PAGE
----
Tory attitudes to poverty under fire amid benefit sanctions and Baroness Jenkin comment that poor 'don’t know how to cook'

Baroness Jenkin forced to apologise after blaming food bank use on culinary incompetence

Tory attitudes towards the poor came under intense scrutiny yesterday as new government figures showed record numbers of people having their benefits docked, and a Conservative peer suggested those on low incomes should eat porridge to save money. Nearly a million people lost at least a month’s worth of benefits for failing to do enough to find work in the year to April, according to figures from the Department for Work & Pensions (DWP).

The figure is the highest since the sanctions regime was introduced in 2012 and appears to back up claims  that Jobcentre staff are operating a zero-tolerance approach to those who fail to demonstrate that they are actively seeking employment.

New figures released by the Office for National Statistics (ONS) also showed that the UK spent less on welfare protection per head of population than any other Western European economy other than Spain, Greece and Portugal.

Charities say benefit sanctions are one of the main reasons for the dramatic rise in the numbers of people turning up at food banks.

But at the launch of a Church of England-sponsored report into food poverty in the UK the Conservative peer Baroness Jenkin of Kennington suggested another reason why poor people were struggling with food costs was because they “don’t know how to cook”.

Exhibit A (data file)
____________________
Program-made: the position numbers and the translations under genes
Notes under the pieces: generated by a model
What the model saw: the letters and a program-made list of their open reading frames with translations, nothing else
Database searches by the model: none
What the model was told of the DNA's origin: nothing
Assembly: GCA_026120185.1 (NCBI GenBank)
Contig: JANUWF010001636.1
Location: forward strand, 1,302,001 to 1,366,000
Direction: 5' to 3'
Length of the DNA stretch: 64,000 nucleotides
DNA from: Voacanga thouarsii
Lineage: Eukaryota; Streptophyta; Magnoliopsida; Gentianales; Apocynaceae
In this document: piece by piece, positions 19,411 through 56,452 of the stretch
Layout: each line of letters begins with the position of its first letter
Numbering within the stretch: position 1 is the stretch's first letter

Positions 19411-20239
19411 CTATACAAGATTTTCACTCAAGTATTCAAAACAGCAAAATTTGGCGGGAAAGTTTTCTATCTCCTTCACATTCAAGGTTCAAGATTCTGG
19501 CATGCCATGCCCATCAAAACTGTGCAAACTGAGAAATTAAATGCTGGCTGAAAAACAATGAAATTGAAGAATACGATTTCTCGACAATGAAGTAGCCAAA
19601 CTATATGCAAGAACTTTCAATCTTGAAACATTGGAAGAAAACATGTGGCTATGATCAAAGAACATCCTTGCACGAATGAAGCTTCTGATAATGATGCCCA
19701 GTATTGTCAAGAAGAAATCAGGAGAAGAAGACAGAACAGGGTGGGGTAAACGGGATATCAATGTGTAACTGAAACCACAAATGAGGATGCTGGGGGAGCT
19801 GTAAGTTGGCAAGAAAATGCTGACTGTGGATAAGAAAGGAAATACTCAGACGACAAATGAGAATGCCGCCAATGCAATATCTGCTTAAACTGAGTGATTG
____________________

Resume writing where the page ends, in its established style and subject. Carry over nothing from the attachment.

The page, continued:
Lady Jenkin, who served on the inquiry team that produced the document, also seemed to suggest that those on low incomes should eat porridge rather than cereals to save money.

“We have lost our cooking skills,” said the peer and the wife of Conservative MP Bernard Jenkin. “Poor people don’t know how to cook. I had a large bowl of porridge today, which cost 4p. A bowl of sugary cereals will cost you 25p.”

She later acknowledged that her words had been badly chosen and said she was trying to get across the message that home-cooked meals are often cheaper and more nutritious than packaged food.

“I am well aware that I made a mistake in saying it and apologise to anybody who’s been offended by it,” she said.

“The point is valid. If people today had the cooking skills that previous generations had, none of us would be eating so much pre-prepared food.”

But charities said a lot of food poverty was caused by a rise in the number of people having their benefits sanctioned by at least a month for failing to do enough to find work. They said some people had lost their income for a month or more for trivial mistakes and misunderstandings such as missing appointments they were never told about or rearranging a job interview that clashed with childcare obligations.

Overall 900,000 people had their jobseeker’s allowance docked in the year to April while the figures showed that a third of those who lost their benefits had been claiming jobseeker’s allowance for less than 13 weeks. This suggests that many were not fully aware of the rules they had to comply with.